Impact Newcomer: Dexter Fields (Murray State) – The Racers must replace three starters, and getting Fields, a UAB transfer who was a solid contributor as a sophomore two years ago, helps. He is expected to start, and given the attention Canaan will draw, should have opportunities for plenty of open looks.
- Murray State (NCAA Seed: #12) – With Belmont and Tennessee State, among others, poised to challenge for the league’s automatic berth, getting to the NCAA Tournament will be a lot tougher for the Racers than it was last year. Had they not won the OVC Tournament, they undoubtedly would have gotten an at-large bid, but that is likely not to be the case this year. Ed Daniel, a senior forward who is a “glue guy” of sorts, will have to be more prolific offensively. He averaged only 6.8 points per game last year, but his intangible contributions were significant. With Donte Poole and Ivan Aska gone to graduation, and guard Zay Jackson suspended indefinitely, Daniel will have to score more. The extent to which he and frontcourt mate Brandon Garrett are able to provide a strong frontcourt for the Racers will go a long way in determining whether they win their third straight OVC title.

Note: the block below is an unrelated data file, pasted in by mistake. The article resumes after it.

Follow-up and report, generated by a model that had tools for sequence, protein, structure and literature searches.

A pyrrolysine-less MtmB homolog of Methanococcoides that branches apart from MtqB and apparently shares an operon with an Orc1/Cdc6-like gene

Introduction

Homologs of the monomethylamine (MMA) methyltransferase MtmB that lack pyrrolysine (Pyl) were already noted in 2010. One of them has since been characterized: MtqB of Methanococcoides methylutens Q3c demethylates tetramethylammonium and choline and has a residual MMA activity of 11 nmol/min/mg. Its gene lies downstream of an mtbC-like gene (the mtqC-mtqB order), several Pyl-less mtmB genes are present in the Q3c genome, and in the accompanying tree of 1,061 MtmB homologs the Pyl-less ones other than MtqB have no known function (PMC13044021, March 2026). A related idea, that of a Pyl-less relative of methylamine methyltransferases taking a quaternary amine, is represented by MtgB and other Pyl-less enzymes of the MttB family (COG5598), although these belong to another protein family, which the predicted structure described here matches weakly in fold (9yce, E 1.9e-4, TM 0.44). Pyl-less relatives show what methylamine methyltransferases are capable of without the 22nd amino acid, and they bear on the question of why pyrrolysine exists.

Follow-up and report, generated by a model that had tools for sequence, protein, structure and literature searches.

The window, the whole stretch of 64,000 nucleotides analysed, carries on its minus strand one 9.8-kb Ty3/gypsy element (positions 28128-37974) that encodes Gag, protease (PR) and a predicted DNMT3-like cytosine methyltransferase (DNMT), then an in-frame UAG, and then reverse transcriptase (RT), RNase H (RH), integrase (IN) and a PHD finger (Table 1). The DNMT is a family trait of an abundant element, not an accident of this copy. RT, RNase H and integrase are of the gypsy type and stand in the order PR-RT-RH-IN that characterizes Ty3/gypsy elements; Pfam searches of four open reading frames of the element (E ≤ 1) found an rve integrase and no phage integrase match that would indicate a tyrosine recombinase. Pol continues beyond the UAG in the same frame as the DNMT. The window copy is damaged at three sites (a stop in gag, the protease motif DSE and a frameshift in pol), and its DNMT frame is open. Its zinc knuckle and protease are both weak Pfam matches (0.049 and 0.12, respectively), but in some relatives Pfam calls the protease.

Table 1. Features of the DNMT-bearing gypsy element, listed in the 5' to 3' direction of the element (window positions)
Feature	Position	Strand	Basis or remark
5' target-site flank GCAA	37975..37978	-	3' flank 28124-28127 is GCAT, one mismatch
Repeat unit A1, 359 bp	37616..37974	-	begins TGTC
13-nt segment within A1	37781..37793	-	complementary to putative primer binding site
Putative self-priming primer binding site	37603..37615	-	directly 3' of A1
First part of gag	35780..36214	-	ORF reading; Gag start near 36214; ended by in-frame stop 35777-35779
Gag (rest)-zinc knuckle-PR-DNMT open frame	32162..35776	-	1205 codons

- Belmont (NIT) – Rick Byrd‘s squad is strong on the perimeter, with Clark and Johnson leading the way, but the interior is a major question mark. Replacing Saunders and Hedgepeth is a tall order, and Byrd will look to Brandon Baker and Trevor Noack to do just that. Byrd always finds a way to get his team to compete for championships, and this team will do that with a strong perimeter. Belmont will shoot and make a lot of threes, and by the time March rolls around, a run to the Big Dance is not out of the question. The other coaches in the league will quickly learn – if they don’t know it already – that Byrd’s teams will always be tough to beat.